Jacqueline Hurley, artist – War Poppy Collection, National Memorial Arboretum, Staffordshire

Jacqueline Hurley is the artist whose work is being exhibited at the National Memorial Arboretum in Staffordshire from March to July this year (2017).  The work is a collection of mixed media paintings and has earned Ms Hurley the recognition of being the country’s foremost remembrance artist and rightly so having seen this exhibition in April.

Ms Hurley’s original painting as done as a tribute to a friend, Royal Marine Neil Dunstan who was killed in Afghanistan in 2008 and since then she has perfected her style which is a mix of Impressionism and Expressionism.  The acrylics that are used are applied using the impasto technique which creates texture and depth and when combined with the grey tones of the impressionist backgrounds also creates a highly charged but sensitive mood or emotion.  The works combine of the despair and horrors of war with the bright red poppies which have become the recognised symbol of peace and remembrance and the works create a powerful and emotional response – perhaps because I have seen them at the National Memorial Arboretum  which is a national centre of remembrance in the UK or perhaps because, like so many, I have grandfathers who served in both World Wars and my own father was a serving army office when I was born.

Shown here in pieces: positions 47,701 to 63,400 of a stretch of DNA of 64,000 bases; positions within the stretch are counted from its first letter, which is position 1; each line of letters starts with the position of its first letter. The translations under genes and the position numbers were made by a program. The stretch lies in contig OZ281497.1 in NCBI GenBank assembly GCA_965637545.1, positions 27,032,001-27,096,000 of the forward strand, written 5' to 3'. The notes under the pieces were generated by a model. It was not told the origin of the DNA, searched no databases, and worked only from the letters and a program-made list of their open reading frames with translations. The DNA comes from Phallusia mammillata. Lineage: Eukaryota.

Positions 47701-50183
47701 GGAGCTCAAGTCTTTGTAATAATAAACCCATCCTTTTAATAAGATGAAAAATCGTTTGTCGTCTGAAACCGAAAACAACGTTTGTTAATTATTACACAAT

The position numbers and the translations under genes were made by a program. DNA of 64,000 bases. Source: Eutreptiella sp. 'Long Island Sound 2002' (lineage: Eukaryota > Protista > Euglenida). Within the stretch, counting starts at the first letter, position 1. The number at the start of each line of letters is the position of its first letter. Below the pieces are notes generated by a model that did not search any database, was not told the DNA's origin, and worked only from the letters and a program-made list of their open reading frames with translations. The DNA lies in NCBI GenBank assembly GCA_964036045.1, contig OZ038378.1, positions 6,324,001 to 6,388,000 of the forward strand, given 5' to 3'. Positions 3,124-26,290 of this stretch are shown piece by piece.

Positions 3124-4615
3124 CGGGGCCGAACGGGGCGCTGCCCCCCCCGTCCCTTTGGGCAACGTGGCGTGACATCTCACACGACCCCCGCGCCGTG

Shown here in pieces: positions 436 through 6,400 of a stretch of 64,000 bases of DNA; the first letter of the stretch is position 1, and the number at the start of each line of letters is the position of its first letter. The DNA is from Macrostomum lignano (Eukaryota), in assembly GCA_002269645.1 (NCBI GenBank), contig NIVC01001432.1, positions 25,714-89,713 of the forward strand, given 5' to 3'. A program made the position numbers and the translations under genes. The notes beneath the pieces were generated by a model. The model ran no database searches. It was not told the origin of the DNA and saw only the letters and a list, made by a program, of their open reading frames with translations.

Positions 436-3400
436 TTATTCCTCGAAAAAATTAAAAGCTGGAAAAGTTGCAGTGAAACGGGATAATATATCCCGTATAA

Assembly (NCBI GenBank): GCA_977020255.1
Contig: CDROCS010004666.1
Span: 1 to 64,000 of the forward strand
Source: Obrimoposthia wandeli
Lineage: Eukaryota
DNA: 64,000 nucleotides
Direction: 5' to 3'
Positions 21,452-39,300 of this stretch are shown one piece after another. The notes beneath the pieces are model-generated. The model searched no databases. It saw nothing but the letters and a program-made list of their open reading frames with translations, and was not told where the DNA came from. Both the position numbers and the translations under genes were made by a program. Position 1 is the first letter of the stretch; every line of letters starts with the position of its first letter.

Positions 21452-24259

Seeing the works of art in the newly finished Visitor Centre is almost a privilege because the setting is so perfect – you see the pieces before you go out into the grounds with the wide variety of memorials including the Armed Forces Memorial  or perhaps after you have done so and they really bring home to the spectator the conflicts and the human cost just that bit further due to the scenes they depict

Ms Hurley states that the works are pieces that have many layers and what is hidden is just as important as what is seen and this is something I can relate to in my own work because each unseen layer of a textile or painting is just as vital to what is seen as it builds up to create the finished piece – an example is that a quilt is made up of a 3 layers and yet the wadding is not seen at all and yet it is very much a vital part of the quilt in the same way a watercolour is built up of layers of translucent or opaque washes.